A Pair of Yellow Gloves

Tim Parks

  • Italian Chronicles by Stendhal, translated by Raymond MacKenzie
    Minnesota, 344 pp, £20.99, May 2017, ISBN 978 1 5179 0011 3

There are so many Stendhals – art historian, music critic, travel writer, novelist, political pundit, opera buff, soldier, bureaucrat, diplomat, sparkling conversationalist and incorrigible womaniser – that the reader may despair of conceiving any overall project undertaken by the man baptised Marie-Henri Beyle in 1783. Aside from ‘Stendhal’ there were scores of pseudonyms, any number of unfinished writings and thousands of letters and journal pages in which Beyle often signs himself or even refers to himself using a variety of other names. Codes and red herrings abound. Major life plans appear and disappear at the drop of a hat. Ambitious novels or biographies are researched, half-written and abandoned. Stories and even essays never go where you expect. Digressions are the norm and, when not actually misleading, titles rarely say much about content. Of the book On Love the critic and Stendhal admirer Etienne-Jean Delécluze wondered whether the pages might have been bound in the wrong order.

So what is going on? And how to approach, in all this disorienting, fragmentary, always dazzling abundance, a new translation of the little read Italian Chronicles, 340 pages of stories and novellas, some presenting themselves as faithful translations from old archival material, others as based on historical events, others entirely invented, two unfinished, one offering two quite different versions of the same story?

Perhaps the word ‘independence’ will help. Beyle had to be free. Free from his father and family, free from his own name, free from his birthplace, Grenoble, and from France and the French, free from responsibilities, money worries, people and places that bored him, free above all from the anxieties that have us seeking the approval of our peers, which is to say, from vanity, the great scourge, as Beyle saw it, of modern society. ‘The more I advance,’ he writes in 1812, ‘the more ambition disgusts me. It is simply putting one’s happiness in the hands of others.’

Beyle liked to oppose freedom and slavery. ‘Popery and the lack of liberty [are] the source of all crimes.’ Bowing to the conventions of ‘an effeminate court’, Racine is ‘a slave who adorns his chains’. Treated as ‘inferior beings’, the ‘great virtue’ of English women ‘is devotion. The virtue of slaves.’ To his recently married sister, who was nearing the end of an extended honeymoon, he wrote: ‘I must congratulate you on your non-pregnancy … Your chains will come soon enough.’

But free to do what exactly? Free to travel; Beyle was forever on the move. Aside from France, he lived in Italy, Germany, Austria and Russia and never missed an opportunity for an excursion. Free to support outlawed ideas, liberalism first and foremost. Free to be loyal, to the defeated Napoleon, for example, whom he admired all the more ardently once he was imprisoned. Free to plagiarise: Stendhal had no qualms about stealing whatever was useful to build a book. Free to lie, when it was convenient or made a good story. Free to be candid: few writers have been franker about their friends’ shortcomings, or their own transgressions. ‘I don’t think he was bad at heart,’ George Sand remarked of Beyle’s habitual cynicism and constant obscenities, ‘he made too much effort to seem so.’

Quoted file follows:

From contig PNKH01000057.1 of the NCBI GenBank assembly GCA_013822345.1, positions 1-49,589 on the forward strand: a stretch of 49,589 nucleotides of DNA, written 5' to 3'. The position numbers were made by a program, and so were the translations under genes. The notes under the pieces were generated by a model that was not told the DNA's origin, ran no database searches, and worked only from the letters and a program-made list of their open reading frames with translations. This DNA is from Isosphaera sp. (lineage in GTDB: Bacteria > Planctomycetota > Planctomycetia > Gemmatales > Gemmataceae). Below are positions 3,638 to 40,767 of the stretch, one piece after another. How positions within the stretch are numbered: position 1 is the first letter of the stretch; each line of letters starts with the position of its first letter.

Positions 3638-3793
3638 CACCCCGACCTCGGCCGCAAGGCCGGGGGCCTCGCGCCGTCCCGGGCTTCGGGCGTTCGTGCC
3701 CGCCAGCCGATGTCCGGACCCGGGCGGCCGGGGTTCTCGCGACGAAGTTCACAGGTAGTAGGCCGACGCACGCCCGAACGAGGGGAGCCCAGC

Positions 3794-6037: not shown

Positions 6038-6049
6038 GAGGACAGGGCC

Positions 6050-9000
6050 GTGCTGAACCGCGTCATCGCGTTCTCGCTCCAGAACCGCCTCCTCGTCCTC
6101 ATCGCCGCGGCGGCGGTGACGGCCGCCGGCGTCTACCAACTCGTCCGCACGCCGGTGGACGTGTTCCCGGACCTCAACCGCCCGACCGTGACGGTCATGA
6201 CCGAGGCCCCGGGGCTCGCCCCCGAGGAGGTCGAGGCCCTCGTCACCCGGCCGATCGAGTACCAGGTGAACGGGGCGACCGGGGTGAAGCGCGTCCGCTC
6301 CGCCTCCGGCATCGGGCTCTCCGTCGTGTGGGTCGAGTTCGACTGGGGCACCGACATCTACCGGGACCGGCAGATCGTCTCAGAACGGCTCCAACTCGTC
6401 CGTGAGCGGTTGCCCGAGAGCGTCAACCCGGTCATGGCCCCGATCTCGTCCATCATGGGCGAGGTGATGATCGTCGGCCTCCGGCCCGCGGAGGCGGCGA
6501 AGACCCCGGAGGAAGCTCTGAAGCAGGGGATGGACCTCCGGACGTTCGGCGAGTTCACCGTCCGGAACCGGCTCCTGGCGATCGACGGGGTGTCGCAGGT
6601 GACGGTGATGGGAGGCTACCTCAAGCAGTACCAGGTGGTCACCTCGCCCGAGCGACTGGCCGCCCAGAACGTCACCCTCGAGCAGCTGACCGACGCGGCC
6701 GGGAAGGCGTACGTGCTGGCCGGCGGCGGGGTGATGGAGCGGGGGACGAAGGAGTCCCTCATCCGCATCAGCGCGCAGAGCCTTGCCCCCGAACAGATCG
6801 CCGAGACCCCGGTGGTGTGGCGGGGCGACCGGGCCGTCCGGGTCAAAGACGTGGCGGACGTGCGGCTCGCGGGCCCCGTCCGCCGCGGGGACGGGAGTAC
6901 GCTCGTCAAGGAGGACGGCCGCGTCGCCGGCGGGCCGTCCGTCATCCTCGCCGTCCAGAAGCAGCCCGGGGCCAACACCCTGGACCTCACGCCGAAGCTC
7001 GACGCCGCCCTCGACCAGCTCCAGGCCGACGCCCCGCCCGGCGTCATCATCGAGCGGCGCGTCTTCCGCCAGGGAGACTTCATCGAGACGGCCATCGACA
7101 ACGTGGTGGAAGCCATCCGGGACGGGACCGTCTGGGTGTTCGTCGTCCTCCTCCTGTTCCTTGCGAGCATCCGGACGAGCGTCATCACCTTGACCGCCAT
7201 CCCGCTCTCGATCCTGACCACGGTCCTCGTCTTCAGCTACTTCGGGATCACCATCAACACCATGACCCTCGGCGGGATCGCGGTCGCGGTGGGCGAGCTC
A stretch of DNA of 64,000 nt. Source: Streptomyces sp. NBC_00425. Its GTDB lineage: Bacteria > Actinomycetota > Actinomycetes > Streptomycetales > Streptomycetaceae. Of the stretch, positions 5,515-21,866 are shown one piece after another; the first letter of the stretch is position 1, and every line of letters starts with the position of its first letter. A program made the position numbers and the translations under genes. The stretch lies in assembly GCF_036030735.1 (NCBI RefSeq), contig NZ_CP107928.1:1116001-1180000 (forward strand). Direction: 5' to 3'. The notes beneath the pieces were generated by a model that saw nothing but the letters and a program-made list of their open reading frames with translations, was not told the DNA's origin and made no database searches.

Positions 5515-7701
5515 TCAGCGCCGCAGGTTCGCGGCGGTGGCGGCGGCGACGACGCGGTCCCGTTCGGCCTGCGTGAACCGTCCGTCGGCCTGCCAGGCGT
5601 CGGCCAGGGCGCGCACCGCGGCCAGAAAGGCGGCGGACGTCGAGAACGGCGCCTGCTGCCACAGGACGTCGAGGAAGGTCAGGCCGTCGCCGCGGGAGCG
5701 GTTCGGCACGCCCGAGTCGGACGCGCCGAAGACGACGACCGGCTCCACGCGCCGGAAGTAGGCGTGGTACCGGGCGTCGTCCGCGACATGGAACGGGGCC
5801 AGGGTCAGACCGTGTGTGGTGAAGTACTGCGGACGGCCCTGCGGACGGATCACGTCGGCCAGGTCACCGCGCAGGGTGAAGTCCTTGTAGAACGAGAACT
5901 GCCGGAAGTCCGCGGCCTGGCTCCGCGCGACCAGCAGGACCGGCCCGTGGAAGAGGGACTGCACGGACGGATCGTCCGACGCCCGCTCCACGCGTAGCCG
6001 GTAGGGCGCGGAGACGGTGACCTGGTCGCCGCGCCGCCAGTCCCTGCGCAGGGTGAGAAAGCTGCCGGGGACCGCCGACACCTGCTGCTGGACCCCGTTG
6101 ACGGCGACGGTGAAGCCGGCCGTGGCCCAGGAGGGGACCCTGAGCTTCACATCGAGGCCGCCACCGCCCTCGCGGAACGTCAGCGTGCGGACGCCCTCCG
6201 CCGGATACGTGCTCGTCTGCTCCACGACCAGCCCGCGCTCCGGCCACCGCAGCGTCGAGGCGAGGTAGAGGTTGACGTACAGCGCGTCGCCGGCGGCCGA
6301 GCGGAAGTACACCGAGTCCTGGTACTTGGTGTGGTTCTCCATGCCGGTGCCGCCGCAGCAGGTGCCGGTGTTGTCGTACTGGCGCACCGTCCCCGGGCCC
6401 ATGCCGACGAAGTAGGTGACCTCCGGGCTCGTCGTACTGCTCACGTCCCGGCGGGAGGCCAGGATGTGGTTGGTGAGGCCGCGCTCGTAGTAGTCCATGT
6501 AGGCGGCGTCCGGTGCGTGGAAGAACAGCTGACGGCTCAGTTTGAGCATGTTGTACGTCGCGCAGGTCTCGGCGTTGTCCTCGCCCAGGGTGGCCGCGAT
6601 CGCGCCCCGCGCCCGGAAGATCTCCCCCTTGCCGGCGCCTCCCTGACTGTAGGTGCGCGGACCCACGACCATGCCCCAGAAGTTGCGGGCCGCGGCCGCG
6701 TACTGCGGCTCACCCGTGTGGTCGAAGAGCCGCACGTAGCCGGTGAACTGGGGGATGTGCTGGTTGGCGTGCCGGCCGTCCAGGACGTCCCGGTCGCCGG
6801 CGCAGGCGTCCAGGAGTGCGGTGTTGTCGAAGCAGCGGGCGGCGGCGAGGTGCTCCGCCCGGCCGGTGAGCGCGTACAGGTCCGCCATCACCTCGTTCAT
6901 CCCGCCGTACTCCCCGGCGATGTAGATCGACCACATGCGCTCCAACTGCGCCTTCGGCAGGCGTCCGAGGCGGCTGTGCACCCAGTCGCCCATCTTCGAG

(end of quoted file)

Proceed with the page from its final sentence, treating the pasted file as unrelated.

Above all, Beyle wished to be free to feel, to give himself up to ‘agreeable passions’. Free to love and to make love. To other men’s wives often enough. To women whose suffocating attentions he might soon be eager to escape and others, more highly prized, who never dreamed of succumbing to him. Free perhaps to slip a hand up a skirt to ‘where the ebony starts to shade the lily’. There were so many women in his life, so many incidents with women – the time he hid for days in a cellar to enjoy his beloved, the time he sprang from a cupboard to catch an unfaithful mistress in flagrante – that any Stendhal biography risks becoming a procession of them. From his mother, whose embraces Beyle returned ‘with such ardour that she was often obliged to leave the room’ and with whom he ‘was as criminal as possible, frenzied in my adoration of her’ (all this before she died when he was seven), to Contessa Giulia Cini, 28 years his junior, for whom, two years before his death in 1842, aged 59, he began a diary entitled The Last Romance. Because the freedom to record everything, to analyse everything, was also important. Including all one’s foolish desires: a penis that would grow erect at will, a magic ring he could use to make women fall in love with him, good teeth, good skin, money in his pocket.

But is romantic passion compatible with freedom? Beyle knew it wasn’t. To fall in love was to be ‘overwhelmed by some superior force’. Nor did it guarantee the happiness he was seeking. It brought moments of supreme transport, but nothing would make you more unhappy than love turned sour, or unrequited. ‘The sight of happiness has made me unhappy,’ one young lover says in Italian Chronicles. Various characters in his masterpiece The Red and the Black (1830) share his experience. Literary composition, a resource one turned to precisely to savour passion, or revive it, or exorcise it, had similar drawbacks. Writing was ‘a silk prison’, Stendhal remarks in Memoirs of an Egoist, like the cocoon a silkworm spins for itself. A refuge and a trap. No sooner do you begin a piece of writing than it becomes a job, something you’ll soon be chafing to leave for some other idea, or woman. ‘The imagination flies elsewhere, this book is thus interrupted.’

The full text of this book review is only available to subscribers of the London Review of Books.

You are not logged in